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Reusing Queries with the Query Builder

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Enough with all this SQL stuff. Remember the query builder I was raving about earlier? I promised that one of its benefits is that, with a query builder, you can re-use parts of a query. But we don't have any of that right now.

Open up CategoryRepository. We have three methods, and all of them repeat the same leftJoin() to cat.fortuneCookies and the addSelect():

... lines 1 - 14
public function findAllOrdered()
{
$qb = $this->createQueryBuilder('cat')
... line 18
->leftJoin('cat.fortuneCookies', 'fc')
->addSelect('fc');
... lines 21 - 23
}
... line 25
public function search($term)
{
return $this->createQueryBuilder('cat')
... lines 29 - 31
->leftJoin('cat.fortuneCookies', 'fc')
->addSelect('fc')
... lines 34 - 36
}
... line 38
public function findWithFortunesJoin($id)
{
return $this->createQueryBuilder('cat')
... line 42
->leftJoin('cat.fortuneCookies', 'fc')
->addSelect('fc')
... lines 45 - 47
}
... lines 49 - 50

Ah, duplication! When you see duplication like this - whether it's a WHERE, an ORDER BY or a JOIN - there's a simple solution. Just add a new private function and have it add this stuff to the query builder.

Query-modifying Functions

Create a private function called addFortuneCookieJoinAndSelect(), because that's what it's going to do! It'll accept a QueryBuilder as an argument. Our goal is to, well, add the join to that. So I'll copy the 2 pieces that we want, add a $qb, then paste it there. And just for convenience, let's return this too:

... lines 1 - 52
/**
* Joins over to cat.fortuneCookies AND selects its fields
*
* @param QueryBuilder $qb
* @return QueryBuilder
*/
private function addFortuneCookieJoinAndSelect(QueryBuilder $qb)
{
return $qb->leftJoin('cat.fortuneCookies', 'fc')
->addSelect('fc');
}
... lines 64 - 66

So, our function takes in a QueryBuilder, it modifies it, then it returns it so we can make any more changes. I'll be a nice programmer and add some PHPDoc.

Calling those Functions

The findAllOrdered() function is the one that fuels the homepage. So let's start here! Get rid of that duplicated leftJoin and addSelect. Instead, just call $this->addFortuneCookieJoinAndSelect() and pass it the $qb. So we create the query builder, do some things with it, but let our new function take care of the join stuff.

... lines 1 - 15
public function findAllOrdered()
{
$qb = $this->createQueryBuilder('cat')
->addOrderBy('cat.name', 'ASC');
$this->addFortuneCookieJoinAndSelect($qb);
$query = $qb->getQuery();
return $query->execute();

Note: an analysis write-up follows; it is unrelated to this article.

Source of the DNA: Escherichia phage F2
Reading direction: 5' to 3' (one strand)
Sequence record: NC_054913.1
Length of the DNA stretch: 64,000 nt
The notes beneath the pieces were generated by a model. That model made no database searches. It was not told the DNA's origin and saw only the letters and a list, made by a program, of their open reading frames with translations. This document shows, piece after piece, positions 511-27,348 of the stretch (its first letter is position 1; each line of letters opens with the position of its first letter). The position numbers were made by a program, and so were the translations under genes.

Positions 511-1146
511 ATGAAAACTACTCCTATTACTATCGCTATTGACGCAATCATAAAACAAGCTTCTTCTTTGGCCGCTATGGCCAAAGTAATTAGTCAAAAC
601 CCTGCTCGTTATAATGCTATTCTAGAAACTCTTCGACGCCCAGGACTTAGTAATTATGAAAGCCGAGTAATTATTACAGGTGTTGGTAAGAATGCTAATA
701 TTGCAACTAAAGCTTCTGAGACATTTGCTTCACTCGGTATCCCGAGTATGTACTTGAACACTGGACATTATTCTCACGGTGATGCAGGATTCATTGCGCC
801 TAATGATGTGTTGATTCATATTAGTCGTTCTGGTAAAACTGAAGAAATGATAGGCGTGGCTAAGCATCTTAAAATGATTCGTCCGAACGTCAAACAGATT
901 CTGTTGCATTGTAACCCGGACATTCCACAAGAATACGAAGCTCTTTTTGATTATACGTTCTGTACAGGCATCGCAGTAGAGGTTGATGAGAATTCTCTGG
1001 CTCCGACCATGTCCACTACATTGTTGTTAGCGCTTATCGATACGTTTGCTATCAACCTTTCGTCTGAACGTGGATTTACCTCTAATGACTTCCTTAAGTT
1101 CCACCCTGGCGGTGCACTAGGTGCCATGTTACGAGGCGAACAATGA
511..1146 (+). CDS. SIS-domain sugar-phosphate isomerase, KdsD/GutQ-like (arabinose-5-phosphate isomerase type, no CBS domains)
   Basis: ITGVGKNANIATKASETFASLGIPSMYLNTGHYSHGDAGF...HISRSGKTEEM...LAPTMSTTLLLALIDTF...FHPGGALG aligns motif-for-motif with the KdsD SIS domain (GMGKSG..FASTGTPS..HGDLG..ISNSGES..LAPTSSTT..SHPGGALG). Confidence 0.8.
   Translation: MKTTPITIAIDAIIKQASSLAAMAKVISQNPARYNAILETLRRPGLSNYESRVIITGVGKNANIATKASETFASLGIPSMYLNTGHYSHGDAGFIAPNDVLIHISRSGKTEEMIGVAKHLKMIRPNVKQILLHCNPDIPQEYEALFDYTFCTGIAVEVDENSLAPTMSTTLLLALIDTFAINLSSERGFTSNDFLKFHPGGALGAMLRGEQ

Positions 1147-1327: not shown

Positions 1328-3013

}
... lines 26 - 66

This should give us the exact same results. But you should never believe me, so let's go back and refresh the homepage. Yep, nice!

Now we get to celebrate by removing the rest of the duplication. So, addSelect and leftJoin should be gone. Instead of returning the result directly, we need to get a QueryBuilder first. So put $qb = in front and move the getQuery() stuff down and put the return in front of it. In the middle, call addFortuneCookieJoinAndSelect() like before:

... lines 1 - 26
public function search($term)
{
$qb = $this->createQueryBuilder('cat')
->andWhere('cat.name LIKE :searchTerm
OR cat.iconKey LIKE :searchTerm
OR fc.fortune LIKE :searchTerm');
$this->addFortuneCookieJoinAndSelect($qb);
return $qb
->setParameter('searchTerm', '%'.$term.'%')
->getQuery()
->execute();
}
... lines 40 - 66

And one more time in findWithFortunesJoin(). Remove the duplication, create a $qb variable, return the last part of the query, and stick our magic line in the middle::

... lines 1 - 39
public function findWithFortunesJoin($id)
{
$qb = $this->createQueryBuilder('cat')
->andWhere('cat.id = :id');
$this->addFortuneCookieJoinAndSelect($qb);
return $qb
->setParameter('id', $id)
->getQuery()
->getOneOrNullResult();
}
... lines 52 - 66

Try it! Refresh and click into a category. It all works. And you know, I feel a lot better. If there's one things I don't want to duplicate, it's query logic. I hope this looks really obvious to you - it's just a simple coding technique. But it's kind of amazing, because it's not something you can do easily with string queries. And it can really save you if once you've got complex WHERE clauses that need to be re-used. You don't want to screw that stuff up.

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Duilio P. Avatar
Duilio P. Avatar Duilio P. | posted 3 years ago

Hello! I replaced the createQueryBuilder method in my repository class in order to return my own QueryBuilder object and add new methods to it:


/**
* @return MyQueryBuilder
*/
public function createQueryBuilder($alias, $indexBy = null)
{
return (new MyQueryBuilder($this->_em))
->select($alias)
->from($this->_entityName, $alias, $indexBy);
}


class MyQueryBuilder extends DoctrineQueryBuilder
{
public function addSubSelect(DoctrineQueryBuilder $queryBuilder, string $alias)
{
$this->addSelect(sprintf(
'(%s) as %s',
$queryBuilder->getDQL(), $alias
));

return $this;
}
}

Now in my repository class I can write:



return $this->createQueryBuilder('s')
->select('s.country')
->addSubSelect($numberOfPayments, 'num_payments')
->addSubselect($totalAmount, 'amount')
->groupBy('s.country')
->getQuery()
->getResult();

Where $numberOfPayments and $totalAmount are other query builder objects I'm passing as parameters.

This seems to work OK, but I was wondering if it could be considered a good practice / idea :)

1 Reply

Hey Duilio Palacios

Ha! that's clever but I don't think you need to create your own "QueryBuilder" class and override the create method. You can add a method like this to your repository and it should just work as the same but cleaner


// yourRepository.php
use Doctrine\ORM\QueryBuilder;

public function addSubSelect(QueryBuilder $queryBuilder, $alias)
{
$queryBuilder->addSelect(sprintf(
'(%s) as %s',
$queryBuilder->getDQL(), $alias
));
}

public function yourCustomMethod()
{
return $this->createQueryBuilder('s')
->select('s.country')
->addSubSelect($numberOfPayments, 'num_payments')
->addSubselect($totalAmount, 'amount')
->groupBy('s.country')
->getQuery()
->getResult();
}

Cheers!

1 Reply
Duilio P. Avatar

Hello! Thanks for your reply. The code above didn't work in Doctrine 2.6. I only managed to make it work by adding more custom code haha. I've shared it below. I'd prefer to keep the custom query builder methods in the custom query builder most of the time, but this was an interesting proof of concept.

https://gist.github.com/sil...

Reply